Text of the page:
'Fire at Sea' provokes questions about director’s choices

( Unrated ) ( Monitor Movie Guide )

'Sea' depicts life on the Mediterranean island of Lampedusa, where more than 400,000 refugees have arrived during the past 20 years. It's directed by Gianfranco Rosi.

Courtesy of Kino Lorber
Dr. Pietro Bartolo appears in a scene from the documentary film ‘Fire at Sea.’

The Italian documentary “Fire at Sea,” directed by Gianfranco Rosi, opens on a note of terror: A radio dispatcher on the Mediterranean island of Lampedusa gets a distress call from a sinking ship of African refugees. “What is your position?” he asks. “God help us,” a woman answers. “We beg you.”

About eight square miles in size, located between Libya and Sicily, Lampedusa has for the past 20 years been the destination for more than 400,000 fleeing refugees, mostly Africans as well as some Syrians, as they attempt to cross into Europe. Of this number, an estimated 15,000 have died.

Rosi spent a year living on Lampedusa making this documentary, which is not, especially given the way it opens, what one might expect from this material. (It won the Golden Bear at the Berlin Film Festival.) Instead of a hard-hitting insider’s exposé about the tragic plight of refugees, it’s closer to a tone poem about the daily life of the Lampedusan islanders, who, except for a few that we are shown, barely register the maelstrom around them. This approach is occasionally allusive and lyrical but also, in any political sense, insubstantial. 

Because the island’s immigration center can’t hold all the refugees, the ones that survive the ocean voyage in overladen, unsanitary boats are processed to Sicilian detention centers almost immediately upon landing. From there they are assigned to various regions in Italy. (This last stage is not shown or even much commented upon.) 

The refugees are a world apart from the islanders. Except for the island’s sole physician and the rescue crews, the residents have no apparent interaction with the refugees. I was grateful that Rosi kept at least some of the film’s focus on that physician, Pietro Bartolo, whose job, as it has been for decades, is to determine the health and survivability of each human cargo. In the film’s most bracing moment, Bartolo describes the toll that his ministrations have taken on him. This decent, immensely caring man could easily have served as the film’s centerpiece.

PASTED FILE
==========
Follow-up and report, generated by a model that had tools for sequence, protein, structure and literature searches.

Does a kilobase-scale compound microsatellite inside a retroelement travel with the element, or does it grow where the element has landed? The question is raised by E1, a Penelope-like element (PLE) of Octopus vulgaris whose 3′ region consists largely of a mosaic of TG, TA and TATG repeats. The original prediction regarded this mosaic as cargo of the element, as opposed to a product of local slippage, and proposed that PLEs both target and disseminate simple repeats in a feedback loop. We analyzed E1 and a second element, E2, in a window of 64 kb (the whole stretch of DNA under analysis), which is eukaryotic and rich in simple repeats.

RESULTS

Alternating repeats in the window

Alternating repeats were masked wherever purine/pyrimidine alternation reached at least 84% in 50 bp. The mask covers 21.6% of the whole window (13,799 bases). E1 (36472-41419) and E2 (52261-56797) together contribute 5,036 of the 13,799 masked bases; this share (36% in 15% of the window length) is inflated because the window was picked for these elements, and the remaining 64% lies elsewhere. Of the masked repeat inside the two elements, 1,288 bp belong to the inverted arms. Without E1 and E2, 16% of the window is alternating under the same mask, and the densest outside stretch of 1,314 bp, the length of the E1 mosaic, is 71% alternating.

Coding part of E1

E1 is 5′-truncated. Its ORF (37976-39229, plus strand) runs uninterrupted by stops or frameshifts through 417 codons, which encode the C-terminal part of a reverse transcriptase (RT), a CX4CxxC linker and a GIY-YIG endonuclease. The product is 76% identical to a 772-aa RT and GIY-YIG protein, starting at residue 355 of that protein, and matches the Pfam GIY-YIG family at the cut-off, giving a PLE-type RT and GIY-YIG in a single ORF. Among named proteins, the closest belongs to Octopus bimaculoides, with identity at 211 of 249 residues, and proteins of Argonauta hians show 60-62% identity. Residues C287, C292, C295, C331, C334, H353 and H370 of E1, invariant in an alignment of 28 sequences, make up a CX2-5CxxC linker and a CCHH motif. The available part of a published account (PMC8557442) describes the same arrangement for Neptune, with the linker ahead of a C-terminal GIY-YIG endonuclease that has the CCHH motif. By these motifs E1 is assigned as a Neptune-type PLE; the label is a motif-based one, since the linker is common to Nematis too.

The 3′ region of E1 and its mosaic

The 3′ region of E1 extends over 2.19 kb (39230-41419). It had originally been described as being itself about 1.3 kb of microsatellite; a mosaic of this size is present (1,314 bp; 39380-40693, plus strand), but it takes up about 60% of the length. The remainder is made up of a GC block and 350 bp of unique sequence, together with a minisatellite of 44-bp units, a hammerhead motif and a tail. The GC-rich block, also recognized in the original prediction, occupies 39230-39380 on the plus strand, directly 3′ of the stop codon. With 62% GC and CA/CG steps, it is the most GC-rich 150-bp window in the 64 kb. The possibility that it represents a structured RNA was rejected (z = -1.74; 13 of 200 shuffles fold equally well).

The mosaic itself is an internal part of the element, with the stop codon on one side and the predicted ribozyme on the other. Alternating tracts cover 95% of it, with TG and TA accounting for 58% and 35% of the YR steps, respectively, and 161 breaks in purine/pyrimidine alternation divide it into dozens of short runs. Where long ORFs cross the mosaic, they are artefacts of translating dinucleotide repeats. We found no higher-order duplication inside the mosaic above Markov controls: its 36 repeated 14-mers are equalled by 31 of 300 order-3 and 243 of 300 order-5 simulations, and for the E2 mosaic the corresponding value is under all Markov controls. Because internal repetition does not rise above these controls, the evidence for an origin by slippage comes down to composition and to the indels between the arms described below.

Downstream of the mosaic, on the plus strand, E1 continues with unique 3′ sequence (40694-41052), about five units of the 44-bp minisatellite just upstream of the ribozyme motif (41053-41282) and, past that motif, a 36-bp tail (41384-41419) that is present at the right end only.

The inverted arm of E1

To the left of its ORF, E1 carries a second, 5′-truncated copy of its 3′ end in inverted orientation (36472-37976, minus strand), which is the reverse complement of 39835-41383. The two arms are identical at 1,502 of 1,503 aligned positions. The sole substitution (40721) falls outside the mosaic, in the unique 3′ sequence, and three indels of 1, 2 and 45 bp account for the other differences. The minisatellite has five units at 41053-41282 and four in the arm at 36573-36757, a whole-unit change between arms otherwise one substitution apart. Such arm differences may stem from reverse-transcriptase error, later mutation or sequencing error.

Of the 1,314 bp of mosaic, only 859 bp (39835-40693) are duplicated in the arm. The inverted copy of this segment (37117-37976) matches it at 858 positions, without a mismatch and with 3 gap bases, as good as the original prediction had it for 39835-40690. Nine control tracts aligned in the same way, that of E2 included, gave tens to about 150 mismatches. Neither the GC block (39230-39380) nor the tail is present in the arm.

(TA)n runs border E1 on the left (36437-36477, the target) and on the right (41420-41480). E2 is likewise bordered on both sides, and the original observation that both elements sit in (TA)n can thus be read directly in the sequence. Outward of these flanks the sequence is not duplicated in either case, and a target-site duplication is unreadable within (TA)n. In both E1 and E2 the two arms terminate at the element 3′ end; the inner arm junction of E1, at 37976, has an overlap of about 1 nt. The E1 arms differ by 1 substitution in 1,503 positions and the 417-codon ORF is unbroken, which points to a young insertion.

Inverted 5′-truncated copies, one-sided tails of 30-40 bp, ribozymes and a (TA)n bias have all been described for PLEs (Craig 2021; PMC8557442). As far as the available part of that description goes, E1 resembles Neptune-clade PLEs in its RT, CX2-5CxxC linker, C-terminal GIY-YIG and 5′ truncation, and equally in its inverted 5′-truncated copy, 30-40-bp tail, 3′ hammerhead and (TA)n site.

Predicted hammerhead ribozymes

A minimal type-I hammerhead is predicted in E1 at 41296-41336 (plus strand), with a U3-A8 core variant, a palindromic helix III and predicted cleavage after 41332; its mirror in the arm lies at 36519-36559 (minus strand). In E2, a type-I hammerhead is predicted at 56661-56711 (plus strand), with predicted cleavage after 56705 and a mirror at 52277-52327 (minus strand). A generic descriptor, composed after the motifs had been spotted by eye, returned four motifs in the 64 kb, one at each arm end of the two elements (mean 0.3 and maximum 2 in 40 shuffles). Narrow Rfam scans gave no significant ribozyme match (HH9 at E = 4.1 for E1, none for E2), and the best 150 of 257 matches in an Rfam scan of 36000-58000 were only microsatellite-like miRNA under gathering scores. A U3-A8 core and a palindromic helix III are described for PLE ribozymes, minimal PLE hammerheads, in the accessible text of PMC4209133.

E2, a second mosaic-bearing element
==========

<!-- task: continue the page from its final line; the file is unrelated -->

But Rosi spends undue time with the preteen Samuele Pucillo, who is shown fashioning a slingshot, being bored in the classroom, getting seasick, and, in an extended family dinner sequence, slurping spaghetti. Is Rosi’s point that Samuele is insensitive to the horrors washing ashore? That’s a heavy accusation to lay on the kid. The suggestion that Samuele may be repressing his discomforts comes only in a brief scene with Bartolo, in which the boy’s complaints about shortness of breath are determined to be likely anxiety-related. It’s too slim a diagnosis to mean much of anything in this film.

There’s something borderline dishonest about the way Rosi intercuts the oblivious, life-goes-on Lampedusans with the harrowing, too-brief footage of Africans inside the immigration center and aboard the rescue ships. His stylistics keep these two groups cruelly apart, but who knows if this is the way things actually play out?

Because Rosi doesn’t provide any narration or conduct on-camera interviews, we never hear the islanders discuss at any length how they really feel about the situation. (A woman, hearing a radio bulletin about a distressed ship, mutters for a few seconds about the poor souls aboard.) He shows us several times a radio DJ playing old Sicilian pop tunes for his listeners, and, again, I wondered: Is Rosi castigating these people for whistling while Lampedusa burns? From what he shows us, the innocence of these islanders is a fool’s paradise. But can we trust what he shows us?

One thing we can trust, and it’s what makes the movie worth seeing, is the sequence with the Africans chanting in the detention center about making it from Africa, through the scorching Sudanese desert and Libya, to Lampedusa. Their ecstasy in being saved is both supremely joyous and sorrowful (because so much has been lost in the journey). When Rosi closes the film with a shot of the lower hold of a refugee ship, with corpses strewn like discarded laundry, there is no way to respond except with abject silence. Grade: B- (This movie is not rated.)

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